• Grass pollen allergen;
  • Recombinant allergen;
  • Glycoprotein;
  • Matrix assisted laser desorption ionization – mass spectrometry;
  • Two-dimensional polyacrylamide gel electrophoresis;
  • Immunoblotting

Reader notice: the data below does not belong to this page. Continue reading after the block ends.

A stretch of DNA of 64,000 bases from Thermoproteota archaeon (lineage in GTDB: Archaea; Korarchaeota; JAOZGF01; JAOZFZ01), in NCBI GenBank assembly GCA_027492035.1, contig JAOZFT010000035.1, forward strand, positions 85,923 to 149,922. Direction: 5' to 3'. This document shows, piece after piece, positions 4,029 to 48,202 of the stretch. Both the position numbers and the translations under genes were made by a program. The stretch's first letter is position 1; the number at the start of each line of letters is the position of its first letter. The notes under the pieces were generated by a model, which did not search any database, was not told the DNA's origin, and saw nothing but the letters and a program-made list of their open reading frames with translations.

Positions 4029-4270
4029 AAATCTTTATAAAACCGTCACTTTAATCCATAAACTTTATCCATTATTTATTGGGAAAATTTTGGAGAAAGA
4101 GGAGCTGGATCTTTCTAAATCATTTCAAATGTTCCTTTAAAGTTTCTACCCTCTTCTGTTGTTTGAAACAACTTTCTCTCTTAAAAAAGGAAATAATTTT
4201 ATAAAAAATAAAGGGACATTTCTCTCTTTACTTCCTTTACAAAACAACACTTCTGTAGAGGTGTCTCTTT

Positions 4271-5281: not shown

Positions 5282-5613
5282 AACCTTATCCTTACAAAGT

More than 95% of grass pollen allergic patients possess IgE antibodies against grass group I, a heterogeneous group of glycoproteins found in all temperate grasses. We studied the structural variability of the group I allergens in single species and among different grasses. By 2-DE blotting using patients' IgE and monoclonal antibodies, we detected IgE-reactive isoforms with molecular masses between 32 and 37 kDa and focusing in a wide pI ranging from 4.7 to 7.6. While the group I allergens of timothy grass (Phl p 1) were composed of 37 and 35 kDa components, only single isoforms were found for ryegrass (Lol p 1) and velvet grass (Hol 1 1): 32 and 34 kDa, respectively. By N-terminal microsequencing we determined single amino acid substitutions in different-sized group I allergens. The post-translational modifications (one N-glycosylation site, two hydroxylated proline residues and seven cysteine residues for potential disulfide formations), which contribute to IgE reactivity, were identical in all. From the cDNA sequences we deduced protein sequence homologies > 90%, a result which might explain the high IgE cross-reactivity among the grasses. In order to test whether recombinant group I grass allergens can act as substitutes for the natural forms, we expressed rPhl p 1 in E. coli and in P. pasteuris. 2-DE immunoblotting again demonstrated a microheterogeneity in molecular mass and pI. While the E. coli products were free from post-translational modifications, rPhl p 1 from Pichia is a heterogeneous glycoprotein fraction with a carbohydrate content of about 15%. This rPhl p 1 is hyperglycosylated compared to the nPhl p 1, which only has a 5% carbohydrate content1 .